BISMARCK — A herd of Jamestown-area lawmakers who aimed to provide public grant funding to a proposed buffalo-themed amusement park has been stopped in its tracks. Despite the setback, supporters of building the roadside attraction say the project is still very much alive and ready to stampede forward.

The Buffalo City Park, envisioned for an empty field off Interstate 94 in Jamestown, would feature bison-themed rides, attractions and entertainment venues, according to previous reporting by The Jamestown Sun. The prospect of building on publicly owned land and receiving financial backing from the state has local developers excited about the plan, but the pitch failed to convince enough legislators to get through the state Senate.

Both chambers of the Legislature passed the budget for the state Commerce Department on Wednesday, April 28, without a conditional $5 million carveout for the proposed park project after the majority of senators demanded the funding be struck from the bill. The House of Representatives previously approved setting the money aside.

Opponents of the allocation viewed it as reckless spending that shouldn't pass the smell test in a fiscally conservative lawmaking body. Sen. Nicole Poolman, R-Bismarck, said, "the bar for (spending) taxpayer dollars can't be that low," noting the Legislature needs to "repair the guardrails" for giving money to ambitious enterprises.

Jamestown Republican Sen. Terry Wanzek, a leading supporter of the plan, said he felt dejected and frustrated after his colleagues extinguished the funding. Wanzek said he still believes the project could be "transformational" for the eastern part of the state.

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This photo from November 2020, shows the area of what is now the winter bison pasture that could become the Buffalo City Park. John M. Steiner / The Sun
This photo from November 2020, shows the area of what is now the winter bison pasture that could become the Buffalo City Park. John M. Steiner / The Sun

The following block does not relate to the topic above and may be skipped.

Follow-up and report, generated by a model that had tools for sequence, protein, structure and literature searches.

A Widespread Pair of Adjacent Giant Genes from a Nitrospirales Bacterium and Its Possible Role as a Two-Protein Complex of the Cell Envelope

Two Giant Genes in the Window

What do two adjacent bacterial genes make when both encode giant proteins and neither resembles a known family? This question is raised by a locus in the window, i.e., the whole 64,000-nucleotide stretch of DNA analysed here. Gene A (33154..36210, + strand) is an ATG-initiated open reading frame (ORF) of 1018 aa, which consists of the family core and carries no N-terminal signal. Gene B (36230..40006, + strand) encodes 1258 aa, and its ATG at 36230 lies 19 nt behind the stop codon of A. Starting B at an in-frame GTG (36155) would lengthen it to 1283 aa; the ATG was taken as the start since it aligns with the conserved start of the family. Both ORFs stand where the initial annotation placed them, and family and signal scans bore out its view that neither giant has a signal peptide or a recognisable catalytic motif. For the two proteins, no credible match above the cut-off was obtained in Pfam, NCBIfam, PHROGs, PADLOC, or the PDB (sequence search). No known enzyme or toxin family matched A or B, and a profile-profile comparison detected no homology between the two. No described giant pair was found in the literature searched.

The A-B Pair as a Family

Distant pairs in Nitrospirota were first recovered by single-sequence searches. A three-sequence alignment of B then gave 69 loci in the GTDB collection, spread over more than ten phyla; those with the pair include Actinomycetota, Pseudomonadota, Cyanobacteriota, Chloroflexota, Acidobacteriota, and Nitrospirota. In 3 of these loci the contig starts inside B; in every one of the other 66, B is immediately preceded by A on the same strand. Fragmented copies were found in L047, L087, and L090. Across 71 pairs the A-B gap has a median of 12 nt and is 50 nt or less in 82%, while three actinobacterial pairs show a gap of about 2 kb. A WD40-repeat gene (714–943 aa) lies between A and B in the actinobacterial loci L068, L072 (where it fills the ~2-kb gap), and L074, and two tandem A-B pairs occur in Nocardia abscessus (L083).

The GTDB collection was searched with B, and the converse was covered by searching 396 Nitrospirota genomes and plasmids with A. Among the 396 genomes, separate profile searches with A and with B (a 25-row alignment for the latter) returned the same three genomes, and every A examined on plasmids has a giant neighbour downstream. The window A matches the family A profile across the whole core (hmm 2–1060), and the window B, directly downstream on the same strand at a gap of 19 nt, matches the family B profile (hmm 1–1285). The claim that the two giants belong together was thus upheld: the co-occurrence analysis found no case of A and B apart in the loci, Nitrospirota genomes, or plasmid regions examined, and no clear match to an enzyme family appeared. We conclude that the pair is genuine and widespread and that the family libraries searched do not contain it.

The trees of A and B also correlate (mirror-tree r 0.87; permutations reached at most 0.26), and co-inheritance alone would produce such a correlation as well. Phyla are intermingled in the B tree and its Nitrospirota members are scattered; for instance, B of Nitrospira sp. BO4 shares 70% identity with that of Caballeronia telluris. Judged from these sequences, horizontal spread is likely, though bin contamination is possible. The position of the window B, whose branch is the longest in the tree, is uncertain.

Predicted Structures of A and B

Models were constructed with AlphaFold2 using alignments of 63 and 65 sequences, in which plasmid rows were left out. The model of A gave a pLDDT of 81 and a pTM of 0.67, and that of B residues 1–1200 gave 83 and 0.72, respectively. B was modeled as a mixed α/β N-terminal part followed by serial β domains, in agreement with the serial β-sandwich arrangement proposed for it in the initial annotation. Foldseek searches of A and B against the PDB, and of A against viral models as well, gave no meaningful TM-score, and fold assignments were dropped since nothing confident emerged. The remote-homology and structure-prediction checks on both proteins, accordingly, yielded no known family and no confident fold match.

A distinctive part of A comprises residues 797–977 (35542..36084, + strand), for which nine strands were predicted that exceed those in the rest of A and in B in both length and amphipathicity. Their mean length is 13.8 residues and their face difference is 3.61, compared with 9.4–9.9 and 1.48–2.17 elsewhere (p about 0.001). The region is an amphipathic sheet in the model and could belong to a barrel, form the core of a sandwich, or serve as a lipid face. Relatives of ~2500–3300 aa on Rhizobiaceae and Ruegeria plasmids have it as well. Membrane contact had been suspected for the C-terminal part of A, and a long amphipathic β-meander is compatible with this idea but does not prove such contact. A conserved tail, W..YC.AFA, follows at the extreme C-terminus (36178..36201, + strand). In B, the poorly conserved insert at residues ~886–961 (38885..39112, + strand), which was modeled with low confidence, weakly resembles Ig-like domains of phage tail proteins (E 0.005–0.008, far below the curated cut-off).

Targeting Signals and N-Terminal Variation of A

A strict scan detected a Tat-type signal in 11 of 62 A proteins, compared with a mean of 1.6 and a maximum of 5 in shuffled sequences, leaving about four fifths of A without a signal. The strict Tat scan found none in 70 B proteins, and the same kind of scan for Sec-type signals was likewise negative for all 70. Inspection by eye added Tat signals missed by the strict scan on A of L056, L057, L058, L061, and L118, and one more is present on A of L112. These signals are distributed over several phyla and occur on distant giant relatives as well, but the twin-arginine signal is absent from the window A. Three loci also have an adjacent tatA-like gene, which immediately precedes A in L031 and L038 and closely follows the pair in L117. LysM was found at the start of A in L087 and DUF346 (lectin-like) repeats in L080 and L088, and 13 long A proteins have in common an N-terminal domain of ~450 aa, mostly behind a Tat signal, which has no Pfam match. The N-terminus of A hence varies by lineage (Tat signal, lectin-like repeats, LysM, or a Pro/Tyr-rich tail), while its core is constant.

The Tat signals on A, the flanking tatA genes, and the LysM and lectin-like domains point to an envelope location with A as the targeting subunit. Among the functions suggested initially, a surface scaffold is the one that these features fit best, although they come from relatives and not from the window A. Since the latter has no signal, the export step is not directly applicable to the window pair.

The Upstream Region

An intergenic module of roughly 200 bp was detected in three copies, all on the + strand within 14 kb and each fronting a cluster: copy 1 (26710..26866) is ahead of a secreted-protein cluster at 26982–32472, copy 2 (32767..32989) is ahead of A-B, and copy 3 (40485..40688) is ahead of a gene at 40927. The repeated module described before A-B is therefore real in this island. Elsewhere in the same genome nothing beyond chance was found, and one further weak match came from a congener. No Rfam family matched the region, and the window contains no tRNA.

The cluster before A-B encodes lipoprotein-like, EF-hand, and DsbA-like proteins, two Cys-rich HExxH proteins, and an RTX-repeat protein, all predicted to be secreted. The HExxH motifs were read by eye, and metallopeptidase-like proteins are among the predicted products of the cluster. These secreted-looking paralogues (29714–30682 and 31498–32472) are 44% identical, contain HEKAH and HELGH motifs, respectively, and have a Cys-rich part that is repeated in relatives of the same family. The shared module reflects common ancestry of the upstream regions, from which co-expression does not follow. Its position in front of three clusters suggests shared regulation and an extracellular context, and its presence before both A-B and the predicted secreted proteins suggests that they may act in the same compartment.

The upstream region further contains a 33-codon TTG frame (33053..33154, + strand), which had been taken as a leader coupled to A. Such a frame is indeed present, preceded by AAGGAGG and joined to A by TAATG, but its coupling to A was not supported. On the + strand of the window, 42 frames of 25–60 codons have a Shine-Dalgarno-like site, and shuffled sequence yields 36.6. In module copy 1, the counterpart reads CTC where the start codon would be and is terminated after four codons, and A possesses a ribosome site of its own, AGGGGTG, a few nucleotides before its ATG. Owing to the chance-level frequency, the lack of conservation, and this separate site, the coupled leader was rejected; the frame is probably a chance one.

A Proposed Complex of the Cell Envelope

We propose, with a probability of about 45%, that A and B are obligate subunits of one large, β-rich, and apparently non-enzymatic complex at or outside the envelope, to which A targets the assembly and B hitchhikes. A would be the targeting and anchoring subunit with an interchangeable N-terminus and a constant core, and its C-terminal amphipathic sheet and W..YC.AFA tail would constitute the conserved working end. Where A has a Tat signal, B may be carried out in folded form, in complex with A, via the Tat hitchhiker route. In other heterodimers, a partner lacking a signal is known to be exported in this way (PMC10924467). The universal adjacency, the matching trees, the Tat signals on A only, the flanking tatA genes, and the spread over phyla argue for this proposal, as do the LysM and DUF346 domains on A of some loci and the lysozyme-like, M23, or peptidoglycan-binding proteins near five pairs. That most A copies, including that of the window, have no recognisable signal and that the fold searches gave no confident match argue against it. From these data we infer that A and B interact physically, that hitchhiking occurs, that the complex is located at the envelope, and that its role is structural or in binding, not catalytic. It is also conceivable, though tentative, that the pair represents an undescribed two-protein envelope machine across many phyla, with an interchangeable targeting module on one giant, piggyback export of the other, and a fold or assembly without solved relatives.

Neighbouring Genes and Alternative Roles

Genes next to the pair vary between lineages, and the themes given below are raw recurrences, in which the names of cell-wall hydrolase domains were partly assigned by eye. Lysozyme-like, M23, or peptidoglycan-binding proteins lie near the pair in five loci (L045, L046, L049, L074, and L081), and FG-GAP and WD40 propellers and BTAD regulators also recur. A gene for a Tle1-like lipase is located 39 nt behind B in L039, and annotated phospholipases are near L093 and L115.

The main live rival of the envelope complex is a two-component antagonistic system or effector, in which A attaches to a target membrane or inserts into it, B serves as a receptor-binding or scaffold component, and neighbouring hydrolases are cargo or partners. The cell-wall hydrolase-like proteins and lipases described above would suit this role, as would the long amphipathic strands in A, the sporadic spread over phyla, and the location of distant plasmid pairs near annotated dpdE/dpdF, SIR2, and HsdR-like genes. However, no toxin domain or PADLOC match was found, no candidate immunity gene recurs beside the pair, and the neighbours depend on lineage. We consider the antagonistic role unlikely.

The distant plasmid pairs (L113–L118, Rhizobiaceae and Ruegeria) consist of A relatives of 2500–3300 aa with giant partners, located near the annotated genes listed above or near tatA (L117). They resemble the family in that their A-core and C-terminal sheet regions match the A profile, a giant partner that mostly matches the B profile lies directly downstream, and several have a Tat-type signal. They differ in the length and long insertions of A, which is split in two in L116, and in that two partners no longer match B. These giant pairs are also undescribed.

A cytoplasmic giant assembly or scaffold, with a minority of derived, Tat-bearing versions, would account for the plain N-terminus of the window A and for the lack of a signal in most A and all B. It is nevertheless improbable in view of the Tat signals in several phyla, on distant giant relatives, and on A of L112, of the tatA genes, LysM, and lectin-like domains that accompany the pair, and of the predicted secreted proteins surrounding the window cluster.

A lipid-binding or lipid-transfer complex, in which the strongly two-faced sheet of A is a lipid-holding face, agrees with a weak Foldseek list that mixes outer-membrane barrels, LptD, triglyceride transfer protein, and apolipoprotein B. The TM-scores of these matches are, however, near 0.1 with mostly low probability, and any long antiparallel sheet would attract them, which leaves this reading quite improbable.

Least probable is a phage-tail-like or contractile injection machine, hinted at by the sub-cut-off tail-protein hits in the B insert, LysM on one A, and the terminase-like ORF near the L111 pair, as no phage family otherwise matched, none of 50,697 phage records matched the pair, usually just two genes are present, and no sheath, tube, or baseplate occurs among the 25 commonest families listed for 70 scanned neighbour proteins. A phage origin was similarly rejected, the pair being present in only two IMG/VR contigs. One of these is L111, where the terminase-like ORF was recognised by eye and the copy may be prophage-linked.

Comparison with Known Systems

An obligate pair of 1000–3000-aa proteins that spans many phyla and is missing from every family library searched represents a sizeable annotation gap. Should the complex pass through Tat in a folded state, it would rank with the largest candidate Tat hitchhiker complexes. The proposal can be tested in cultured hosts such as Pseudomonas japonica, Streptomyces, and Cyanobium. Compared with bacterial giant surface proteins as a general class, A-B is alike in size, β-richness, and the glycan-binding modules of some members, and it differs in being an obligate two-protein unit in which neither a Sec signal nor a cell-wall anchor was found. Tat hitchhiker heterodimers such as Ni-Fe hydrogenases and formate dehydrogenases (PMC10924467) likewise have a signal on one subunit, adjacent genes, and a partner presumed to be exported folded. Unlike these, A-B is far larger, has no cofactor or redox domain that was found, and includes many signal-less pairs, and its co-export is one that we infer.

Under the proposal whacked Wednesday, park developers would have been required to successfully sell the project to money managers and secure a $60 million investment from the State Investment Board to build the facility.

Those startup costs would have come via recently passed legislation that taps part of the Legacy Fund, a voter-approved oil tax savings account, for investment in North Dakota businesses and projects. Then, park backers would have to come up with $5 million in private funding before unlocking the state's matching endowment.

Brian Lunde, a local volunteer promoter for the project, told Forum News Service he's confident the park will come to fruition. Getting the $5 million from the state would have been nice, he said, but it was never a core piece of the funding blueprint.

Lunde said the park's development team will finish the planning phase in four or five months and then go after the $60 million investment from the public investment board. Supporters will also run a local fundraising campaign, he added.

If all goes right, Lunde said, developers could break ground on the project next spring and open the park in 2024 or 2025.

"Now it gets real," said Lunde, who conceives of the park as a "tourism gateway" to Medora's western-themed attractions and other draws along the well-traveled highway.

Republican Gov. Doug Burgum said tourism projects like the proposed park present a major opportunity for diversifying North Dakota's economy, but he noted the state shouldn't become the majority owner in what ought to be private enterprises.

"Knowing the passion that people have for the project... if they bring that to fundraising in the private sector, I have every reason to believe they could be successful," Burgum said.